Kindle and the future of reading : The New Yorker Can the Kindle really improve on the book? by Nicholson Baker, 03 Aug 2009
Googled againIf you want to get even more deeply into Word and its possibilities, Microsoft engineers are providing online help
Radio France International offers its services in 19 different languages or you can wander around the French radio dial. If your interest is in jazz - you can try TSF Jazz, broadcasting on 89.9 or Frequence Jazz, a station in Lyon that you can listen to all over France, as well as all over the world. Radio Campus Paris - sort of like campus radio here.
Beginner's Guide to Google Analytics: What to Track Sarah Carling, February 15, 2012. You may want to try and track a number of things with Google Analytics. Before you can do anything else, you need to understand what you're trying to track and why.[Search Engine Watch]
The Medium: Magic and Loss, by Virginia Heffernan in the New York Times, 18 Feb 2011. But whether we admit it or not, the Internet and its artifacts are not just like their cultural precedents. They’re not even a rough translation — or a strong misreading — of those precedents. The Internet has a logic, a tempo, an idiom, a color scheme, a politics and an emotional sensibility all its own. Tentatively, avidly or kicking and screaming, nearly two billion of us have come to take up residence on the Internet, and we’ve adjusted to its idiosyncratic ways. This transformation of everyday life includes moments of magic, and an unavoidable experience of profound loss. Any discussion of the Internet that merely catalogs its wonders and does not acknowledge these two central themes is propaganda, and it no longer does it justice.
Another perspectiveHow the Internet gets inside us. by Adam Gopnik in The New Yorker, FEBRUARY 14, 2011. And, if it was ever thus, how did it ever get to be thus in the first place? The digital world is new, and the real gains and losses of the Internet era are to be found not in altered neurons or empathy tests but in the small changes in mood, life, manners, feelings it creates—in the texture of the age. There is, for instance, a simple, spooky sense in which the Internet is just a loud and unlimited library in which we now live—as if one went to sleep every night in the college stacks, surrounded by pamphlets and polemics and possibilities. There is the sociology section, the science section, old sheet music and menus, and you can go to the periodicals room anytime and read old issues of the New Statesman. (And you can whisper loudly to a friend in the next carrel to get the hockey scores.) To see that that is so is at least to drain some of the melodrama from the subject. It is odd and new to be living in the library; but there isn’t anything odd and new about the library.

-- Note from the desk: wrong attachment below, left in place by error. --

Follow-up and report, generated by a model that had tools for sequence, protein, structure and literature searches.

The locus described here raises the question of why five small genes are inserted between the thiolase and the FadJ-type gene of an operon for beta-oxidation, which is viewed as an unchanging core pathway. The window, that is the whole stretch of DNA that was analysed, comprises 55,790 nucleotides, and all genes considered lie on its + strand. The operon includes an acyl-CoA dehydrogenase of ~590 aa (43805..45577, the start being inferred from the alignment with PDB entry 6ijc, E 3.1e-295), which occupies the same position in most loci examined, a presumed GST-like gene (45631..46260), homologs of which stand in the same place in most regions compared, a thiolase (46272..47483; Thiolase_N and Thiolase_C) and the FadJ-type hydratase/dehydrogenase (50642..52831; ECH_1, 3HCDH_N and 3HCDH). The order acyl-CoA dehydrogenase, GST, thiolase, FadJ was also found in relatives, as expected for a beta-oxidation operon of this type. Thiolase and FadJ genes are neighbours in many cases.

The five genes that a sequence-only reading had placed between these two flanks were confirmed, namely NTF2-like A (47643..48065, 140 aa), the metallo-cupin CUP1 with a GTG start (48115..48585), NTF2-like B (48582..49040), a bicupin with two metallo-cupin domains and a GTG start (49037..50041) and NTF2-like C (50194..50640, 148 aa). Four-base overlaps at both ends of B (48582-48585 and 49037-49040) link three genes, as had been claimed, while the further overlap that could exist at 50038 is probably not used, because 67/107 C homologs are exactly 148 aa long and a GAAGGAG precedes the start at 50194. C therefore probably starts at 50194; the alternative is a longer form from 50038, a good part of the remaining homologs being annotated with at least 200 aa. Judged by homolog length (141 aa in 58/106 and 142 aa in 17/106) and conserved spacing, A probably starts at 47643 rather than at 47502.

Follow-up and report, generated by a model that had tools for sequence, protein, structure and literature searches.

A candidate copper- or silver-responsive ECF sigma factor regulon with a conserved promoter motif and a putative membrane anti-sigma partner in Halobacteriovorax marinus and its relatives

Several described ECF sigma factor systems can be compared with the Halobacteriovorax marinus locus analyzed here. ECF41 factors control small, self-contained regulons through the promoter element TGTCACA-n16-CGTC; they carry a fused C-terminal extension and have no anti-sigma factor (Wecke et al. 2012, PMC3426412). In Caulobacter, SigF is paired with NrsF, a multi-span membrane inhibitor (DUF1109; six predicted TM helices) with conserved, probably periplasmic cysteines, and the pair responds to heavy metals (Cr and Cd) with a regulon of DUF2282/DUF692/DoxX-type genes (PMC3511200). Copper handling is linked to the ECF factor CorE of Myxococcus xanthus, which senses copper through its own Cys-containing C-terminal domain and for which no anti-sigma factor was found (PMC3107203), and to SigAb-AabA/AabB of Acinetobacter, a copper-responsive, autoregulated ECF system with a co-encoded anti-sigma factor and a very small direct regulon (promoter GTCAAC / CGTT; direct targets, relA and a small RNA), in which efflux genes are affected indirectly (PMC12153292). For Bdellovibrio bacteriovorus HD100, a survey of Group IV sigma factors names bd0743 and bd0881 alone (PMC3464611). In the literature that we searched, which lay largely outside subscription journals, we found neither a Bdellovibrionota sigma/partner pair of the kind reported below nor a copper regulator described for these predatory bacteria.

Yet another interesting one'Plotto': An Algebra Book For Fiction Writing : NPR. It's been said that there are only seven basic plots in fiction. Pulp novelist William Wallace Cook would beg to differ.According to Cook, there are a whopping 1,462 plots, all of which he laid out in his 1928 book, Plotto: The Master Book of All Plots
Safe driving: Keep your mind on the road. Hands-free texting is more distracting to drivers than using a mobile phone. Jun 22nd 2013 |From the print edition [you can also read this via UNC Libraries' e-journals]
Issues to ponder
What is fair use and how can you use it? This is a fairly comprehensive discussion from the University of Texas.
Issues to ponder when pondering fair useCreative Commons provides free tools that let authors, scientists, artists, and educators easily mark their creative work with the freedoms they want it to carry. People to know on the topic of copyright and fair use: Lawrence Lessig; James Boyle; and yet more, from Creative Commons
Brewster Kahle and Riding along with the Internet Bookmobile